When Eric announced Enigma’s closure on Facebook, he cited the same issues Ancient World are navigating: rising costs across rent, electricity and insurance, as well as difficulty booking bands, that made continuing operations “unsustainable.”

Eric tells CityMag the managers of the venue’s property wanted to increase the rent by 30 per cent.

To make matters worse, earnings on the bar dried up by 30 per cent since the Reserve Bank of Australia’s first of 11 rate rises this year, he says.

Chelsea says Eric’s plight is in line with what she’s heard across the hospitality industry.

“That’s huge because that 30 per cent could be the thing that either makes you break even, or it could be the thing that fixes your broken fridge or the plumbing if something goes wrong,” she says.

On top of that, Eric has found it difficult to book touring interstate bands for November and December, describing the calendar as “very lean”.

“A lot of those bands used to play at our venue and at Jive… now they are going elsewhere,” he says.

Before Enigma, Eric was a booking agent at live music venue Cartoons and The Venue, as well as a touring operator of Scorpion Entertainment.

When asked about her experience booking bands for the start of the summer, Tam says Eric’s assessment is correct.

“It’s the toughest times I’ve ever known,” she says.

Jesse Coulter works at the local music company Five Four Entertainment and is the venue booking manager of Rundle Street pub and live music venue, the Crown and Anchor.

He tells CityMag he is also saddened by the closure, but that it is emblematic of the economic fronts battering music venues right now.

Jesse says things like, “rapidly escalating costs, the lower bar takes, the sometimes-unpredictable ticket sales, the difficulty of staffing, and many other ongoing issues,” are impacting the industry.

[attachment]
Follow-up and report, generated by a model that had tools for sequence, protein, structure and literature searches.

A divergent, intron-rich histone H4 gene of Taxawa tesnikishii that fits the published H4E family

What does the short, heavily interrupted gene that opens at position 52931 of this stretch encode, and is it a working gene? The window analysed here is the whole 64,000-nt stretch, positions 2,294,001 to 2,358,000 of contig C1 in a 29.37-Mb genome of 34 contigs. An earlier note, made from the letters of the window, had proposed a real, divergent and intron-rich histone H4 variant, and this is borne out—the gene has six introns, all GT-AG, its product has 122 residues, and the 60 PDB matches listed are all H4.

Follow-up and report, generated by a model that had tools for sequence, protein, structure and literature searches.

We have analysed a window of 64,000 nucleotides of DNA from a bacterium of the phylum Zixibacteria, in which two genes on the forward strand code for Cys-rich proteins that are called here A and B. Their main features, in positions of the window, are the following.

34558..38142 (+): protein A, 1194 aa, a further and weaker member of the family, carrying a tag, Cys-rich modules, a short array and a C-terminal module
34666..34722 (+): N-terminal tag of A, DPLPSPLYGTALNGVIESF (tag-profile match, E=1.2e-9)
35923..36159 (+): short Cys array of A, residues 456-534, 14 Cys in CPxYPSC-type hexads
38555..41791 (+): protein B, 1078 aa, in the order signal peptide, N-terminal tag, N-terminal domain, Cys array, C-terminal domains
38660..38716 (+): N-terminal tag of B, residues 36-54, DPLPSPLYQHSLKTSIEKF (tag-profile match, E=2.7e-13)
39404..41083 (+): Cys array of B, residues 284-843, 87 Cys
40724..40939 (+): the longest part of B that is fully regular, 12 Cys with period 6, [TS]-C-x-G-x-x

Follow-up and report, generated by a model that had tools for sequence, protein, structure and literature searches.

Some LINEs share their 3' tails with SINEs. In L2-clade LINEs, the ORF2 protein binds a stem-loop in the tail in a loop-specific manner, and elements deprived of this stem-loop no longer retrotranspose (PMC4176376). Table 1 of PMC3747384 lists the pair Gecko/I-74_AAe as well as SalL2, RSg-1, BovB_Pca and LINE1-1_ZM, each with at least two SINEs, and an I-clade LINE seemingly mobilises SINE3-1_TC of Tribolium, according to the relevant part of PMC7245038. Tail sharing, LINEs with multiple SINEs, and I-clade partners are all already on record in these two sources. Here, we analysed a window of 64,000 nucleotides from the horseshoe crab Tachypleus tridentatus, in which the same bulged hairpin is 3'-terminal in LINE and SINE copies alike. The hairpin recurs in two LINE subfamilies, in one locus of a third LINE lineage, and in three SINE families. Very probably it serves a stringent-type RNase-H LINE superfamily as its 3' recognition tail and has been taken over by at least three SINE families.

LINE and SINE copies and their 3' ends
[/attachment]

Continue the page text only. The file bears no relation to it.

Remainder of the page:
CEO of not-for-profit advocacy organisation Music SA, Christine Schloithe tells CityMag she is aware of the challenges facing beloved – and “infamous” – small, live music venues.

“Those same live music venues are doing it tough and we’re losing them, so pay it forward: go see a live gig at a local venue and raise a glass or two to Enigma,” she says.

The community that frequented Enigma for its 25 years took to social media to mark  the loss with 840 comments citing how it will be missed, and stirring up nostalgia.

Ancient World hopes their comment section doesn’t meet the same fate. Chelsea says their post letting followers know their struggles garnered 1400 likes and about 200 reshares, which was a bigger online response than they expected.

“We had a few different groups come through on Friday and Saturday who saw the post…we weren’t quite as busy as I thought we were going to be.

“We did the post on a Thursday, and I feel like a lot of people already have plans for the weekend by then but I’m hoping that we keep getting people trickling through.”

Hugh and Chelsea are grateful for their supporters and have budget drinks and non-alcoholic options so their venue is more accessible for those on a budget or who don’t drink.

“I think it’s really important for all cities to have an underground scene for people who are doing stuff out of the norm,” Chelsea says.

“It means that there’s more creativity going around the city, and there’s more safer spaces for people who like to live their lives a bit more alternatively.”

“Spaces like this, and other similar spaces in the city – once they’re gone, they’re gone,” Hugh says.